Jeff Wolfe, a rural postal carrier from Cedaredge, joined the ranks of elite Donkey Kong players by winning the highly competitive Kong Off 7 earlier this month.
Donkey Kong was one of the most popular arcade games when Wolfe was a teen in Washington state. He often walked to the bowling alley to hang out with his buddies and play games. As he grew older, got a car and then a girlfriend, he spent less time pouring quarters into arcade games. But whenever he spotted a Donkey Kong game in the airport, he'd stop and make sure he could still get past the third elevator.
Then Donkey Kong the movie came out in 2011, and all of a sudden the game was hot again. "Everyone started playing this 30-year-old game," Wolfe said, and Kong Off, a world champion event, was born.
Wolfe was elated when he heard about the competition in New Jersey, but his hopes were dashed just as quickly when he learned the event had already taken place.
"Then lo and behold, they announced Kong Off 2 would be held in Denver," Wolfe said. He learned that if he garnered a million points, he could have his own machine for competition. He bought a free-standing secondhand arcade machine, had it shipped to his home and began piling up the points. Unfortunately, he "died" a level too soon but still qualified for the wild card division. That meant sharing a machine with four other very talented guys. When Wolfe wound up with a kill screen that eliminated him from competition, he vowed he'd have his own machine for Kong Off 3.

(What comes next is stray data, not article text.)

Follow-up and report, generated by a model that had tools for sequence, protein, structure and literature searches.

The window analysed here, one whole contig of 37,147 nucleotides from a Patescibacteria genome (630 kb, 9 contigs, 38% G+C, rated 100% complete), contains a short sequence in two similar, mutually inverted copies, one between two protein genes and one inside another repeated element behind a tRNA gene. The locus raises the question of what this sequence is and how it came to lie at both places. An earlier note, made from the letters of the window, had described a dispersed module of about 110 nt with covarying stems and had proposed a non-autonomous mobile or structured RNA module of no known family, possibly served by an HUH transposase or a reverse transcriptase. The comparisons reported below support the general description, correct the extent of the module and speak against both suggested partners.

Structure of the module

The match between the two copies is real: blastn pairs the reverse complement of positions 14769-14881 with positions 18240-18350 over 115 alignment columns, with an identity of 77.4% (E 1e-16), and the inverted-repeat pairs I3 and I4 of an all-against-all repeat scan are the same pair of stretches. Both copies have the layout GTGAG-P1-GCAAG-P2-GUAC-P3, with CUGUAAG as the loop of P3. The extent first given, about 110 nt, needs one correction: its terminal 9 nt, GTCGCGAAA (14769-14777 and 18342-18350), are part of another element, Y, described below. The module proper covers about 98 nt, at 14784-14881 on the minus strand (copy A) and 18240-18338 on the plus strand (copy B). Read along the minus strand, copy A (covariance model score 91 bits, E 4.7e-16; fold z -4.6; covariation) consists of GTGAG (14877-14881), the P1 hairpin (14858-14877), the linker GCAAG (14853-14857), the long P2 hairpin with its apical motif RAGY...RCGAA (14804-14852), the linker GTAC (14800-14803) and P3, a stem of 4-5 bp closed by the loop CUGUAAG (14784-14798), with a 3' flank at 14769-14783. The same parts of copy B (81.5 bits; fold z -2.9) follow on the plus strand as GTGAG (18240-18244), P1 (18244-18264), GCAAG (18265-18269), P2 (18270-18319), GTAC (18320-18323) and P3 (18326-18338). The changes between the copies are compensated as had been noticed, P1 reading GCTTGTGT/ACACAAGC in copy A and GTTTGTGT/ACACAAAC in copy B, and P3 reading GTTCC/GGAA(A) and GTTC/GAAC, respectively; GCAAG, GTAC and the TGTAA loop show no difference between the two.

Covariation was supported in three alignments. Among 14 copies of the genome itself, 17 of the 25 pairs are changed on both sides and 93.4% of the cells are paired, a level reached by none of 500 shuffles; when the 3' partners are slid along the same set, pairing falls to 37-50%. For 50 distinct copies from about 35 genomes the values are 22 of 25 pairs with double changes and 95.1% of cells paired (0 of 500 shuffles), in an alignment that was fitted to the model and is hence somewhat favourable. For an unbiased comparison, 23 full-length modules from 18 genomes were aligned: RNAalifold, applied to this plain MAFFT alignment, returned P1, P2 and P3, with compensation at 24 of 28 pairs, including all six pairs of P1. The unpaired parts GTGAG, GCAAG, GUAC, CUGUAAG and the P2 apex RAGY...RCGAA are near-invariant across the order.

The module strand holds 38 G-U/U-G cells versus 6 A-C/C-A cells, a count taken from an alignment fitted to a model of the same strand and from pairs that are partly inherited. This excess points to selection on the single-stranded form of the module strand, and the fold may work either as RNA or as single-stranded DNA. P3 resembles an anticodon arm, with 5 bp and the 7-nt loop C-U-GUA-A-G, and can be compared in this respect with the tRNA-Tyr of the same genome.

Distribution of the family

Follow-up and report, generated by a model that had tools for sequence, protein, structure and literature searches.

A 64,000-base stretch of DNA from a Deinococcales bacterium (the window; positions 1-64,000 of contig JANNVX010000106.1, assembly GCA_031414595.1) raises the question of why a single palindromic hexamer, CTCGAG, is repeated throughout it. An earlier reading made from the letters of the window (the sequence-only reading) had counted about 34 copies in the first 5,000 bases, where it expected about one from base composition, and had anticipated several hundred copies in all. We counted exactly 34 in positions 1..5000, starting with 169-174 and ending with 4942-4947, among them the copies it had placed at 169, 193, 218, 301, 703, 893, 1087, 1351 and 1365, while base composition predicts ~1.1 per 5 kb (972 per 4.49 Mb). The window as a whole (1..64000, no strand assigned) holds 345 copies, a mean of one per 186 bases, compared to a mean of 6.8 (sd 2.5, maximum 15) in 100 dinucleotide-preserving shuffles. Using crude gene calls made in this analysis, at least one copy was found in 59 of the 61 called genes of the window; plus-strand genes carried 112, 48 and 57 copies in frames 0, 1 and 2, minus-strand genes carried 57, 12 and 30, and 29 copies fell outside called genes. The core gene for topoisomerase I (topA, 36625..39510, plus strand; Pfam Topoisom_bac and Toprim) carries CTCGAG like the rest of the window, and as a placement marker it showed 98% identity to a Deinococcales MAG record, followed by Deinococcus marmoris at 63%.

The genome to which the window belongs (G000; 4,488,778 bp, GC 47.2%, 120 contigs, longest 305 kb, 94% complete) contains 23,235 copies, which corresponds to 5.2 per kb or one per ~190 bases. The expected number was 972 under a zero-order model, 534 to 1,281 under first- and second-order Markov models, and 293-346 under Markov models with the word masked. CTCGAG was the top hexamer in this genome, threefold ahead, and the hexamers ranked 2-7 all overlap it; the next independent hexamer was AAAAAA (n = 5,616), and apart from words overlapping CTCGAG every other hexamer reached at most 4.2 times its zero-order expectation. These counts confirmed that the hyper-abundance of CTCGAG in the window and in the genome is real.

Since then, he's been to two events in Denver, two in Pittsburgh and two in Banning, Calif.
After the first two days of competition in March 2019, Wolfe had the highest qualifying score and was seeded number one. The final eight players then went head-to-head on one credit with no restarts. Wolfe was able to make it through all the brackets and win it all -- a feat celebrated with the ringing of cowbells, yelling and screaming, and lots of photos as Wolfe jumped up on his stool with his trophy, as befitting a Donkey Kong champion.
"It was a lot of fun!" he said.
Upon his return to work, his colleagues presented him with a Donkey Kong cake commemorating his championship. Many had followed the competition on Twitch, a video platform for gamers. The competition is still online for anyone who wants to check it out at twitch.tv/thekongoff.
Previous Donkey Kong champions include a plastic surgeon and a Google engineer, but this is the first year the title went to a guy like Wolfe who actually grew up playing Donkey Kong as a kid, and who has never lost his love for the game.